Cyber criminals are taking advantage of the hype surrounding Coronavirus, or Covid-19. It is all we see in the news and on our Social Media feeds. Cyber criminals are preying on our emotions, because they know we want the latest information – How many are infected? How many have died? How do I protect myself? What are the latest government restrictions on my personal movements? Cyber criminals know they can trick you, now more than ever, with social engineering techniques to have you click on something you shouldn’t or provide personal information you should be protecting.
You need to be vigilant online, in the same way you are when withdrawing cash from an ATM in a high-crime area. The criminals are setting their traps, waiting to pounce. Be careful out there, learn what to look out for and how to protect yourself.
What to look out for:
Fake emails (Phishing) – An email you receive looks legitimate, but it’s not – the logo makes it look like it came from your bank or is an official government email. You are asked to act and click on a link, there is a sense of urgency. Don’t! The link is not real, and takes you to a fake website impersonating the organisation you think it’s from.
Fake Text / SMS – A text message looks like it came from the government – an urgent update on the latest news, the latest restrictions, or how you can claim money from the government. You click on the link to find out more information. The link is not real, and you visit a fake website.
Fake Mobile Apps – You see an ad online for an app that will provide the latest news, or claims to show you locations of infected people. You want to know more, so you click on the ad. Don’t! Either the link takes you to a fake website or downloads a fake ad with malware to infect your device.
Fake News / Clickbait – You see what looks like a breaking news story, or an urgent update, or news that a celebrity or world leader has contracted the virus or died. You need to know what is happening, so you click on the link to learn more. Don’t! Google the news instead.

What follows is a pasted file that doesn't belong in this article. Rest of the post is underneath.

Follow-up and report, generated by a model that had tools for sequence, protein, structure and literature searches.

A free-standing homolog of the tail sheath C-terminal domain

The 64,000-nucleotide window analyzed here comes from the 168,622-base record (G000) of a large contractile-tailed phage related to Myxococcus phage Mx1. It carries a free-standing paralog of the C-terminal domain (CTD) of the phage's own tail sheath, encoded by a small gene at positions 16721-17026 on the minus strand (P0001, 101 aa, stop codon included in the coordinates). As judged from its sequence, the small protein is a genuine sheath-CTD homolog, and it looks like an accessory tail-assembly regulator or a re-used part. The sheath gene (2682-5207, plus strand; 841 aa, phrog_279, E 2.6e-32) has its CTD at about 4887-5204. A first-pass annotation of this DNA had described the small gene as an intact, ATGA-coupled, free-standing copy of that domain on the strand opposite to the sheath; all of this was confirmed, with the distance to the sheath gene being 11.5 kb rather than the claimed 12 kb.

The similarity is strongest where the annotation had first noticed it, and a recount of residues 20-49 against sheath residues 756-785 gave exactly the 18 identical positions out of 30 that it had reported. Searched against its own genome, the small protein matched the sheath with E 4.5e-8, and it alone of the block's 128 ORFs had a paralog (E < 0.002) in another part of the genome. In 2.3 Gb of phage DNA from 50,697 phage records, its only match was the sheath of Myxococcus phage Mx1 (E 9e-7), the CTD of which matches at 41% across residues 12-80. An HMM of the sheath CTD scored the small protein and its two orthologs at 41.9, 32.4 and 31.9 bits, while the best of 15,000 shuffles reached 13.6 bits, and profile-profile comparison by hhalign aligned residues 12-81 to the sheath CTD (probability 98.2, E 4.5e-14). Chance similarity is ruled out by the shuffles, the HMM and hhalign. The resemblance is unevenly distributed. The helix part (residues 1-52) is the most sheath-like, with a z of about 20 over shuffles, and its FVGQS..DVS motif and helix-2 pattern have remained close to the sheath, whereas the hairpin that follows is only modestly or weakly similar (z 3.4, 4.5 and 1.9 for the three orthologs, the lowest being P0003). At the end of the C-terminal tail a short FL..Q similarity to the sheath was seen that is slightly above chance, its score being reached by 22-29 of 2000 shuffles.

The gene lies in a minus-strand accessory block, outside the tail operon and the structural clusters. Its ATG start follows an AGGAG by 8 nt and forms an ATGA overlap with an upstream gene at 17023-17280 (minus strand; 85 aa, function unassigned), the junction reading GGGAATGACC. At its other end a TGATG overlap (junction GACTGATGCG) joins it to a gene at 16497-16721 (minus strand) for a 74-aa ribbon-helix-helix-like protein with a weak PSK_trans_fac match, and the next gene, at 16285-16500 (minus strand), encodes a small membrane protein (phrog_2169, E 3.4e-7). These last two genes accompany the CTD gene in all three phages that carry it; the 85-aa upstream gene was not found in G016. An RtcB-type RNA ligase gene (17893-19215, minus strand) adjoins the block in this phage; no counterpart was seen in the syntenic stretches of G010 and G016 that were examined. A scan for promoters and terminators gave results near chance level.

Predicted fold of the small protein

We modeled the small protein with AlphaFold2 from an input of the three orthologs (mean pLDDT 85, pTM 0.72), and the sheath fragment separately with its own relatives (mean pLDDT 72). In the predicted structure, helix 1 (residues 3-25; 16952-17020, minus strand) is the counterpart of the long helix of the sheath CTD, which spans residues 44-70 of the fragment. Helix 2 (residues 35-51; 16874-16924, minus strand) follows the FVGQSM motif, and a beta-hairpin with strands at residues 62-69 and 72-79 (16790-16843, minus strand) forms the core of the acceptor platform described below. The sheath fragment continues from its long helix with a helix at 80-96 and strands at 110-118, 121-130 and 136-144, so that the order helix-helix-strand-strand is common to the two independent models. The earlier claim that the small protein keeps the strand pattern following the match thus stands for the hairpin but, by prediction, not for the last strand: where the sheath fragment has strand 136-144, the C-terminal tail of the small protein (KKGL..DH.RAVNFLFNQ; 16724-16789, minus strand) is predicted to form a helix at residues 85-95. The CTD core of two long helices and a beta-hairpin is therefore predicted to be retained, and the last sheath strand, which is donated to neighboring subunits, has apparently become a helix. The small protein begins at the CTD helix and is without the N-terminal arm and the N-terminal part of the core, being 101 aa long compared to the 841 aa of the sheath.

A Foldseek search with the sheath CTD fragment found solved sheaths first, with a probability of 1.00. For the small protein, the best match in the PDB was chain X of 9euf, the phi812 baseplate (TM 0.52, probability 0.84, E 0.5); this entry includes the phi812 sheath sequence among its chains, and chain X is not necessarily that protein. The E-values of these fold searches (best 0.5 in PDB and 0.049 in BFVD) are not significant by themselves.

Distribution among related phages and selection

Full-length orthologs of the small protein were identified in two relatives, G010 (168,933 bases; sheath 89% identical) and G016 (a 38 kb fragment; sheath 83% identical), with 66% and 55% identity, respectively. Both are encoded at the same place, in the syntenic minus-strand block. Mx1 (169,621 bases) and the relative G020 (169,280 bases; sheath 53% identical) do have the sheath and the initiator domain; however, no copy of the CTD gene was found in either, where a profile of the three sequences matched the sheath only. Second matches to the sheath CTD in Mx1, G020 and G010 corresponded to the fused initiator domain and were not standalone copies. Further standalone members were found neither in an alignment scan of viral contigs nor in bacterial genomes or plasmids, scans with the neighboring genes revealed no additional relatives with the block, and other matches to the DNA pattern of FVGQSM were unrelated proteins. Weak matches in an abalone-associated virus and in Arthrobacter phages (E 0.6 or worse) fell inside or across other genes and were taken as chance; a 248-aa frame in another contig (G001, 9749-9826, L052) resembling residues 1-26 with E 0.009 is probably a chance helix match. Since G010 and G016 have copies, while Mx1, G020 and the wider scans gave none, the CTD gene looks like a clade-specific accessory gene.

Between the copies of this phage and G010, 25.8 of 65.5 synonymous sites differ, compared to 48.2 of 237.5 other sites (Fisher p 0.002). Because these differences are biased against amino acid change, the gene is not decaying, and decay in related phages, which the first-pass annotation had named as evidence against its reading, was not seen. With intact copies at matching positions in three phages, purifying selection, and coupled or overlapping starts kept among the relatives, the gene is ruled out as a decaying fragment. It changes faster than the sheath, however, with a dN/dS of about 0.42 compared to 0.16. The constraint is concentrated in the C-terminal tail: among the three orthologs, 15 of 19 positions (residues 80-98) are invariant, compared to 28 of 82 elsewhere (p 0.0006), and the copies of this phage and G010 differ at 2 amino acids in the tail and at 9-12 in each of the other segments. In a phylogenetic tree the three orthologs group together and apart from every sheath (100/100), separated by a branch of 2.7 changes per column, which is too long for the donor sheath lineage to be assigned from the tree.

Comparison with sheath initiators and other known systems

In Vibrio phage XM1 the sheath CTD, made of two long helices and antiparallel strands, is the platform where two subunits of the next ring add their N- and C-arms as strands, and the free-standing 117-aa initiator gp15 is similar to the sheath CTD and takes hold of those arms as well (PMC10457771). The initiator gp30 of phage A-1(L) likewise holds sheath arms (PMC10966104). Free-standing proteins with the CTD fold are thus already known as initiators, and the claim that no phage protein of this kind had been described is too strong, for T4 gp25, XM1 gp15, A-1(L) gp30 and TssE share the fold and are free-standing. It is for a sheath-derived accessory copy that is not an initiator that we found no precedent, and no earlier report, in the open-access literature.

Fake Products – You see an ad, or receive an email, advertising a product in high demand: facemasks, gloves, hand sanitiser, toilet paper, or the sure-fire way to prevent or cure coronavirus. It gains your interest; you click on the ad and give your personal and credit card information. But the site isn’t real, there are no products, and now the criminals have your credit card details.
Impersonating Social Media profiles of your “friends” – You get a direct message from your friend on social media, telling you they lost their job and are desperate for money to feed themselves or their family. Can you send some to them please? It’s not your friend, it’s a criminal who is impersonating your friend.
You may see these things while browsing websites online or on your favourite social media platform. A friend may even have sent it to you, thinking it is genuine. Learn to question everything you see online. Don’t click on something that elicits an immediate emotional response. Take a moment to question and evaluate what is real.
Now that you are armed with information of what the cyber criminals are doing, and practical tips to stay safe online, you have a fighting chance against increasingly sophisticated online scams.
Practical tips for staying safe online amid the Covid-19 Pandemic:
- Be suspicious of every email and text message you receive
- Don’t click on links in emails or text messages, type the website into the internet browser
- Only rely on news and government information from trusted sources
- Never send money without asking for other opinions first
- Question everything you see online, especially social media; can it be verified?
- Never give your passwords to anyone
- Always check the website you are on before you enter personal, credit card, or bank account information – ensure it is the correct website – check three times.
- Question urgent, “Act Now” messages and online ads playing on your emotions
Trent Youl is the founder and CEO of FraudWatch International, a Global online fraud prevention company based in Melbourne, Australia since 2003.